Patellofemoral pain: Consensus statement from the 3rd International Patellofemoral Pain Research Retreat held in Vancouver, September 2013

Witvrouw, Erik, Callaghan, Michael J, Stefanik, Joshua J, Noehren, Brian, Bazett-Jones, David M, Willson, John D, Earl-Boehm, Jennifer E, Davis, Irene S, Powers, Christopher M, McConnell, Jenny and Crossley, Kay M (2014) Patellofemoral pain: Consensus statement from the 3rd International Patellofemoral Pain Research Retreat held in Vancouver, September 2013. British Journal of Sports Medicine, 48 6: 411-414. doi:10.1136/bjsports-2014-093450


Author Witvrouw, Erik
Callaghan, Michael J
Stefanik, Joshua J
Noehren, Brian
Bazett-Jones, David M
Willson, John D
Earl-Boehm, Jennifer E
Davis, Irene S
Powers, Christopher M
McConnell, Jenny
Crossley, Kay M
Title Patellofemoral pain: Consensus statement from the 3rd International Patellofemoral Pain Research Retreat held in Vancouver, September 2013
Journal name British Journal of Sports Medicine   Check publisher's open access policy
ISSN 1473-0480
0306-3674
Publication date 2014-03-01
Year available 2014
Sub-type Article (original research)
DOI 10.1136/bjsports-2014-093450
Volume 48
Issue 6
Start page 411
End page 414
Total pages 4
Place of publication London, United Kingdom
Publisher BMJ Publishing Group
Language eng
Formatted abstract
Patellofemoral pain (PFP) is often seen in physically active individuals and may account for 25–40% of all knee problems seen in a sports injury clinic.1 ,2 Patellofemoral-related problems occur more frequently in women than in men.3 PFP is characterised by diffuse pain over the anterior aspect of the knee and aggravated by activities that increase patellofemoral joint (PFJ) compressive forces, such as squatting, ascending and descending stairs and prolonged sitting, as well as repetitive activities such as running. It, therefore, has a debilitating effect on sufferers’ daily lives by reducing their ability to perform sporting and work-related activities pain free. Dye has described PFP as an orthopaedic enigma, and it is one of the most challenging pathologies to manage.4 Alarmingly, a high number of individuals with PFP have recurrent or chronic pain.5 While physiotherapy interventions for PFP have proven effective compared with sham treatments, treatment results can be disappointing in a proportion of patients. This variability in treatment results may be due to the fact that the underlying factors that contribute to the development of PFP are not being addressed, or are not the same for all patients with PFP. The mission of the 3rd International Patellofemoral Research Retreat was to improve our understanding concerning the factors that contribute to the development and consequently to the treatment of PFP.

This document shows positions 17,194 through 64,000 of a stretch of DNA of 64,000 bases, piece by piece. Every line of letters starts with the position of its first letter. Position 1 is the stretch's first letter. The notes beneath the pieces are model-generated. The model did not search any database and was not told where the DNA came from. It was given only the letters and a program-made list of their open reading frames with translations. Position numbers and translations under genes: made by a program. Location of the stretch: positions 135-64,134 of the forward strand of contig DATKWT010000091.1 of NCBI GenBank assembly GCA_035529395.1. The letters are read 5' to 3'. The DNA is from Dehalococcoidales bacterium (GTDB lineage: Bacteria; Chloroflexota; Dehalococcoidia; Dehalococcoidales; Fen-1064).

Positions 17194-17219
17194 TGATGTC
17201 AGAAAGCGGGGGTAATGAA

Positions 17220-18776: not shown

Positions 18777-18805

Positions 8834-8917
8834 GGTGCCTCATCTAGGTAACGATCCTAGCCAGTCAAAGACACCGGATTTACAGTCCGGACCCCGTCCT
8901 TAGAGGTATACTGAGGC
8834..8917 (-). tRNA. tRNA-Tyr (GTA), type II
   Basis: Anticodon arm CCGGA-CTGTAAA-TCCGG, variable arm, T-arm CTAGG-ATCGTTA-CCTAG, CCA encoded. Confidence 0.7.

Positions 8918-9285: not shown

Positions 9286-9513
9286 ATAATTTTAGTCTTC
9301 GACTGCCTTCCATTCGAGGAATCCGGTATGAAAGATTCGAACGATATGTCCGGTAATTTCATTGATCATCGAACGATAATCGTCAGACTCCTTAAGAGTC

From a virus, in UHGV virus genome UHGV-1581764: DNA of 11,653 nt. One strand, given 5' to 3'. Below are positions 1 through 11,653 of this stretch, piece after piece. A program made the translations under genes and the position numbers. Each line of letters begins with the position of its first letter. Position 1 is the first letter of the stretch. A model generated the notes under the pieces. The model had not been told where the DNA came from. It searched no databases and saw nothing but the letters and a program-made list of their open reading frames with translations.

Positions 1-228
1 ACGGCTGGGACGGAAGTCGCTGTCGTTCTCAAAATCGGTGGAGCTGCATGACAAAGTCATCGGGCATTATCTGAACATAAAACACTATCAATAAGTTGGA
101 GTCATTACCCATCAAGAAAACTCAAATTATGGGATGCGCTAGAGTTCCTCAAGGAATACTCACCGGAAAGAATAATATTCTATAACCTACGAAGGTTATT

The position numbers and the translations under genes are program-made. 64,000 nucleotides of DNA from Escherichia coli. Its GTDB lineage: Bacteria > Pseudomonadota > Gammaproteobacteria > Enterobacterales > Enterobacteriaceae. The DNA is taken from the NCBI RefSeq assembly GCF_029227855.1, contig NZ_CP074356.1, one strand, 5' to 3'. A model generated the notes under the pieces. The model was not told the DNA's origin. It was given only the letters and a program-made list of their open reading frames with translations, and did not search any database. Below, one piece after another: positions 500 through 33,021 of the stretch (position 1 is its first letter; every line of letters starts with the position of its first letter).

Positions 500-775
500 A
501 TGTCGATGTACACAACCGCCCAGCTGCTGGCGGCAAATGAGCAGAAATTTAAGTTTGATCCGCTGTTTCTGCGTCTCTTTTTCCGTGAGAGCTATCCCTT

Keyword Sport Sciences
Sport Sciences
Q-Index Code C1
Q-Index Status Confirmed Code
Institutional Status UQ

Document type: Journal Article
Sub-type: Article (original research)
Collections: Official 2015 Collection
School of Health and Rehabilitation Sciences Publications
 
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